Slow Leaks (Issue 602)

In which we are reminded to fix diversions that slowly reduce our sales time and productivity.

Returning to work after a week’s vacation away from home, office, and car, I accelerated hard to merge into the Massachusetts Interstate highway “10 to 15 miles per hour over the speed limit”  early morning traffic. I felt the car pull a little to the left and thought little of it but, once at speed on level pavement, there was clear leftward drift. I had to steer a bit to the right to maintain a straight course.

“Crumbs,” I muttered, realizing that the left front tire must be a bit deflated.

Not that this was a big surprise to me. I’d recognized weeks before my vacation that the tire was losing air. From previous experience, I’d learned that the technical explanation is “corrosion on the wheel” that accumulates with time, lifting the tire bead just enough that air can escape.

The fix is easy – drop the car at a local service station, they buff the wheel, remount the tire, and voila! – but it requires an investment of time and disruption of routine that I had preferred to avoid by re-inflating the tire once a week after topping off my gasoline tank each week for several weeks.

“Crumbs,” I muttered, again, my forehead moistening a bit as I recalled all the reasons why driving at 70-plus miles an hour on a partially inflated tire is NOT a good idea, for a moment imagining the loss of time, energy, attention, comfort, and money I would, no doubt, experience if the tire failed mid-Interstate or if I had to brake HARD for some reason.

The “critical” voice in my head then delivered a brief but acutely incisive lecture on why taking the few moments to fix the tire before the vacation would have been a much better idea than taking the risk of driving at speed in the winter on a mushball slow-leaking may-pop tire. The conclusion:  fix the leaks when you first notice them…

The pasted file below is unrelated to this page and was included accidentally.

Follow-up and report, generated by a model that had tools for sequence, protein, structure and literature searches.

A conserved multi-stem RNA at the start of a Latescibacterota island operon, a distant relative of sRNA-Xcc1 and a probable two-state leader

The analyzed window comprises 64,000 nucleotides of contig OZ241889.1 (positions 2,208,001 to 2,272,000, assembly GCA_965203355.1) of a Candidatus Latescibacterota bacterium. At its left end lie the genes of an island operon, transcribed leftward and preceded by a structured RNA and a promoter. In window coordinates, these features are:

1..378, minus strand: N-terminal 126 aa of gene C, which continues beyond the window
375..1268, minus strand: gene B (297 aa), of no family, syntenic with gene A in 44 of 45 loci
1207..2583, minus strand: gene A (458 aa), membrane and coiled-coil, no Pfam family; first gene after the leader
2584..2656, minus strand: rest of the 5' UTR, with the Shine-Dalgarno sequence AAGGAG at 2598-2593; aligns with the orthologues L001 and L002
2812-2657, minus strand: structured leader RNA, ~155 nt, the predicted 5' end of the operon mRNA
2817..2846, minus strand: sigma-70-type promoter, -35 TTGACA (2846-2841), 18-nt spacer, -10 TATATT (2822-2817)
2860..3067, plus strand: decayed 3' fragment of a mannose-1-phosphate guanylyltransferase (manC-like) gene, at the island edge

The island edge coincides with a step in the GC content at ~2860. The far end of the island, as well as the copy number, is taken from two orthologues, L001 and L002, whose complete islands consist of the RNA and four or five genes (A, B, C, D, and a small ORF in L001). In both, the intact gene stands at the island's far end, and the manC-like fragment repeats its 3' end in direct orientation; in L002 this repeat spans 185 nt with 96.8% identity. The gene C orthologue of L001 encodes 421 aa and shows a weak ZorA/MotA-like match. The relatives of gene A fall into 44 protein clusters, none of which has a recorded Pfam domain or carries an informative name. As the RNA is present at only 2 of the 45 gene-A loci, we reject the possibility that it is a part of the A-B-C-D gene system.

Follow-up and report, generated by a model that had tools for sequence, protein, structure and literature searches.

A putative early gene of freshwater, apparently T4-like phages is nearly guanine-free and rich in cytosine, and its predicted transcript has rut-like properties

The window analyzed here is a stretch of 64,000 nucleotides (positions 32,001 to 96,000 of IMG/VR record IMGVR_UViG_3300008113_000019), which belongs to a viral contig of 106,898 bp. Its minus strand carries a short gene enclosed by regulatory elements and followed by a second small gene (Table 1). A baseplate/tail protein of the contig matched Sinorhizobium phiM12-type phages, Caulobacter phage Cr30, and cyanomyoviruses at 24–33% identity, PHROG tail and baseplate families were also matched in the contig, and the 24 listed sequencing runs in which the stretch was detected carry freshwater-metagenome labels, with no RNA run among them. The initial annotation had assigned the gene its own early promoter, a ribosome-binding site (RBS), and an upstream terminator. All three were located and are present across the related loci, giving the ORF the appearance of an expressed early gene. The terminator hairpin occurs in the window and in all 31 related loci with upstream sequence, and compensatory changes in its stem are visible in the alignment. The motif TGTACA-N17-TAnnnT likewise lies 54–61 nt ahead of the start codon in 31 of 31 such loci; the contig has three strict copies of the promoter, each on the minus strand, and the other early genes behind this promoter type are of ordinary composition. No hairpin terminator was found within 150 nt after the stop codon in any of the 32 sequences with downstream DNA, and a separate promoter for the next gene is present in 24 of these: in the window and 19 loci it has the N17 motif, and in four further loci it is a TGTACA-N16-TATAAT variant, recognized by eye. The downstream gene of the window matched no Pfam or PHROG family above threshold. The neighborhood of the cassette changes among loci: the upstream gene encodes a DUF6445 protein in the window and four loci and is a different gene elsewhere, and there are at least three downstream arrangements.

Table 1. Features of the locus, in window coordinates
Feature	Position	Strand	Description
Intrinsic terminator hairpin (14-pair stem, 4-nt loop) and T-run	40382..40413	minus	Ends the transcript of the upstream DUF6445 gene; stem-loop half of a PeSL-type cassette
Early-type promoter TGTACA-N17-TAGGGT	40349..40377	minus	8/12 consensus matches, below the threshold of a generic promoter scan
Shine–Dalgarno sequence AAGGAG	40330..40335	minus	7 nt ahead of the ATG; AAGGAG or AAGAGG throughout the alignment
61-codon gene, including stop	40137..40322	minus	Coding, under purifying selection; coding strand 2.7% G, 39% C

…which I’ve now done with the investment of 30 minutes of time and short money…which led me to wonder about the analogous slow leaks of time or energy that deflate our sales effectiveness?  (Oh, are you surprised I went there?)

Sales time, like tire air, can leak slowly away in almost imperceptible amounts until there’s real concern.

Looking at my sales team’s time, I wondered, what meetings could we stop or shorten?  For what travel could we substitute web-video conferencing?  What reports could we change?  And on and on, all fixable with investments of short amounts of time and money so that we could all “maintain proper inflation.”

Today is the first Monday of the new year. A good time to check tire pressures and sales time, fix the leaks, and re-inflate to proper levels to maximize our effectiveness in the hard driving months ahead.

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